Thanks, Chris, for a great comment that underscores my point that this is a movie about childhood and not for children. While I am not recommending it for anyone under 8 or 9 and think it will be best appreciated by teenagers and adults, remember that we do show younger kids movies like “The Wizard of Oz,” which can be very scary. I felt that the scene with the teacher was, like the rest of the movie, from Max’s perspective, and he was getting a terrifying message from the teacher’s lecture that was a exaggerated and distorted version of what the teacher was saying. Billions of years does not mean anything to a child.
I loved the way Jonze and Eggers (with the guidance of Sendak, who was very involved at every stage) had each of the wild things embody Max’s emotions, relationships, and experiences. It was disturbing because it made us feel Max’s frustration and fear, but it also made us feel his expanding understanding as he experienced for the first time what it is to be responsible for healing someone else’s sadness, jealousy, and isolation.
As you can see on this site, I am recommending the Scholastic DVD version of this story for children. But for adults, I recommend this version.
Does anyone know the line at the end of the movie that the bird says to max? It was a really sweet line to say goodbye and I wanted to cry, but can’t remember what it was.. Does anyone know?!?!?!
Sendak says that what kids like is not what parents think they like. Fairy tales, traditionally, were very dark, and kids managed to deal with it. I agree that the film is probably (intentionally) mis-marketed, but that’s what film reviews are for!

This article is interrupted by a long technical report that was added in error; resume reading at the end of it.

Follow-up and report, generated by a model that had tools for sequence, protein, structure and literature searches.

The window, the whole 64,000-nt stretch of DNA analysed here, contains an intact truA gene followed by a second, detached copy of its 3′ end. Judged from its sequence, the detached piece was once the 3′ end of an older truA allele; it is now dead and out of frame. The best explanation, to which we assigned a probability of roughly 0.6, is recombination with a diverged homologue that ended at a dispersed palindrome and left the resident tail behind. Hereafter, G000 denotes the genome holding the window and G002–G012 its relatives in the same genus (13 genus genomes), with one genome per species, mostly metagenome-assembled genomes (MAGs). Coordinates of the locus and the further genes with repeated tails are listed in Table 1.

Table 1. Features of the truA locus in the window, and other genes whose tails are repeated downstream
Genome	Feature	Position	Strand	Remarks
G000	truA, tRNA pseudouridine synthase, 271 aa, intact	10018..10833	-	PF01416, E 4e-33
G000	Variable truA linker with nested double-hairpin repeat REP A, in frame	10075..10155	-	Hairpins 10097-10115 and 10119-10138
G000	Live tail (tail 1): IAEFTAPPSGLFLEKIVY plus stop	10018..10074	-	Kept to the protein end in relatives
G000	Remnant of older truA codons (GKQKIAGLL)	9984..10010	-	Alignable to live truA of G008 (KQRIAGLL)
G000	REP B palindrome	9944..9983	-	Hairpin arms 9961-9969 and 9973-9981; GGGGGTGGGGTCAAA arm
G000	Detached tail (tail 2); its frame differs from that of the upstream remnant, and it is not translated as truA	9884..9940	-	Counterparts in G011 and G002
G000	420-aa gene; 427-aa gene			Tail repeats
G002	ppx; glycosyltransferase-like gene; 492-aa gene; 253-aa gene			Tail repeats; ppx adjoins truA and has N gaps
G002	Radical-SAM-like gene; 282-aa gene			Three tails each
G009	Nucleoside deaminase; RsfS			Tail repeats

You are entirely right, Andy. I always keep in mind the barbarity of enduring fairy tales that have been told to centuries of children and the way that they help them work through conflicts and fears.
My mother and I read this book to my son probably a hundred times when he was young so we went together to see this movie. I was amazed by the depth of understanding that this script shows. We both ended up crying. It totally tells the story of sensitive gifted boys–the ones that drive mothers to tears and that many teachers don’t understand. I will be asking all my arts education students to see it–realizing that many of them will relate to the depth of feelings that children experience but can’t verbalize with anything but a wolf howl when they are overwhelmed or hurting. But also to encourage my students that as teachers of the arts, they may make a difference for the Maxs of the world who need them to come along side and understand through creative expressions. Moms shouldn’t have to be the only ones to really understand the Maxes of this world. I teach a lot of Maxes and they are the most wonderful young men in the world–if we encourage them and don’t kill their imaginations.